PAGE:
Lazy properties can be easily built in Python 2.4 -- properties whose value may require some effort to calculate, but whose values remain constant once calculated. This recipe uses decorators to implements such properties.
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class Lazy(object): def __init__(self, calculate_function): self._calculate = calculate_function def __get__(self, obj, _=None): if obj is None: return self value = self._calculate(obj) setattr(obj, self._calculate.func_name, value) return value # Sample use: class SomeClass(object): @Lazy def someprop(self): print 'Actually calculating value' return 13 o = SomeClass() o.someprop o.someprop
In a recent discussion on comp.lang.python, there was discussion about how to provide properties which get calculated once, where you want to avoid the work of doing the calculation at all if you never use the property, but where you get simple access to the property once calculated. This technique evolved from a suggestion by Lief K-Brooks that looked to be something that could be made into an easy-to-use facility with decorators.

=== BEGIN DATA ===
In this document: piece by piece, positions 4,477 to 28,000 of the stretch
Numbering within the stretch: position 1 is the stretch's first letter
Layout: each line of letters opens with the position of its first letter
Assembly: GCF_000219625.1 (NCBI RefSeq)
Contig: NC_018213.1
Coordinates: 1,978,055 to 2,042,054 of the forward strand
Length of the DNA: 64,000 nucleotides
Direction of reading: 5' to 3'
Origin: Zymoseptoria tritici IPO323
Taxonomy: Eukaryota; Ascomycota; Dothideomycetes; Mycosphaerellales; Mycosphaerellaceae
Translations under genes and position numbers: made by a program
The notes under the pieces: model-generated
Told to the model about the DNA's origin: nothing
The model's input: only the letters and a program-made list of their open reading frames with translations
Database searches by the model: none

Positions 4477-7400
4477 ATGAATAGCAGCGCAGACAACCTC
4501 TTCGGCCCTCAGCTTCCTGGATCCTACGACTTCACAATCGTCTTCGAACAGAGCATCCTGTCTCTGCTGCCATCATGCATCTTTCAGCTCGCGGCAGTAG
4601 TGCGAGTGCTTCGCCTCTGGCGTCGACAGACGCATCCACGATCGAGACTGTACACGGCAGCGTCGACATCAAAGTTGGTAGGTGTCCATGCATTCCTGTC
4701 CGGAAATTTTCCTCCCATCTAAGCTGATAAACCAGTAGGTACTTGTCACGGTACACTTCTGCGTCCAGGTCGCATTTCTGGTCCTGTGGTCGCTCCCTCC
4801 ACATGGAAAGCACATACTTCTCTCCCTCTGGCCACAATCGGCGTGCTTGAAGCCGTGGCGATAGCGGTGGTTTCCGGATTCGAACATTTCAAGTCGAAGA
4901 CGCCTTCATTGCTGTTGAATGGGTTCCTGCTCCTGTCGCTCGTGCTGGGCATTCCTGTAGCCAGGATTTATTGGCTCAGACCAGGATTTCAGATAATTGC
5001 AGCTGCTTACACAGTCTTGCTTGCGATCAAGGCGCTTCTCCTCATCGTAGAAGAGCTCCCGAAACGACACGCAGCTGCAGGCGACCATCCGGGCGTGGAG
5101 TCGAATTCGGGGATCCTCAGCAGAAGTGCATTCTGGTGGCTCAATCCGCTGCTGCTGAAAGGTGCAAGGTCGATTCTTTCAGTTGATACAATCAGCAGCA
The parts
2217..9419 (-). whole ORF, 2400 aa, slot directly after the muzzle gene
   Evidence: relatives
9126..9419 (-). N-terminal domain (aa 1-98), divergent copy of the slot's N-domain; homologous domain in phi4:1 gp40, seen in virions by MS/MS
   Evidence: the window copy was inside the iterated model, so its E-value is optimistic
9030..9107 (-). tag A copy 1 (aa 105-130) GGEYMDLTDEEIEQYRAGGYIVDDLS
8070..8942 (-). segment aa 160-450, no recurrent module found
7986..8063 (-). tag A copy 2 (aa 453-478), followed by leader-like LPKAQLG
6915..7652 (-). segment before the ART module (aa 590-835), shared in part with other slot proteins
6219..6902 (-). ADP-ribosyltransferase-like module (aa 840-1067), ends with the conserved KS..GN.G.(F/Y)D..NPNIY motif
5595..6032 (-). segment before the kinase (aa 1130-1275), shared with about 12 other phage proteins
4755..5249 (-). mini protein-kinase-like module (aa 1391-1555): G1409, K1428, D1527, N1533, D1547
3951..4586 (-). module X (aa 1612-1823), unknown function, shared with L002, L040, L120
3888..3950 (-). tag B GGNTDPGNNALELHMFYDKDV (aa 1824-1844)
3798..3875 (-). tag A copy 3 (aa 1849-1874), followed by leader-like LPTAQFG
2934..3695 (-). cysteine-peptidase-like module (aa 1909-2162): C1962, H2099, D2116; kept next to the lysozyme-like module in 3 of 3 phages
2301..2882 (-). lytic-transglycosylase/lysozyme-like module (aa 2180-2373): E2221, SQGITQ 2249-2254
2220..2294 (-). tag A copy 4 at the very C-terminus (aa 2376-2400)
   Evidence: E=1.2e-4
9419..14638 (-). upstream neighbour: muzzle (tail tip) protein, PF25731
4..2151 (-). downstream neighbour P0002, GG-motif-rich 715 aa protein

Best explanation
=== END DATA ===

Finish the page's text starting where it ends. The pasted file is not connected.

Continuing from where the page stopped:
Elegant method to invalidate calculated value. Now, after one execution calc-function lost. It's interesting to add some method to invalidate and recalculate property.
Retracting a value is very simple. Just delete the attribute of the object. Using the sample above:
Or if you don't feel like implementing the Lazy descriptor:
Argh! Always test before you post (stupid me). The previous version's value was cached on the class, not the instance. Here's a version that works more like the original:
That's starting to get ugly. Oh, and the original solution is better if you need to invalidate the cached value. If you want to invalidate this one you'll need to invoke this incantation: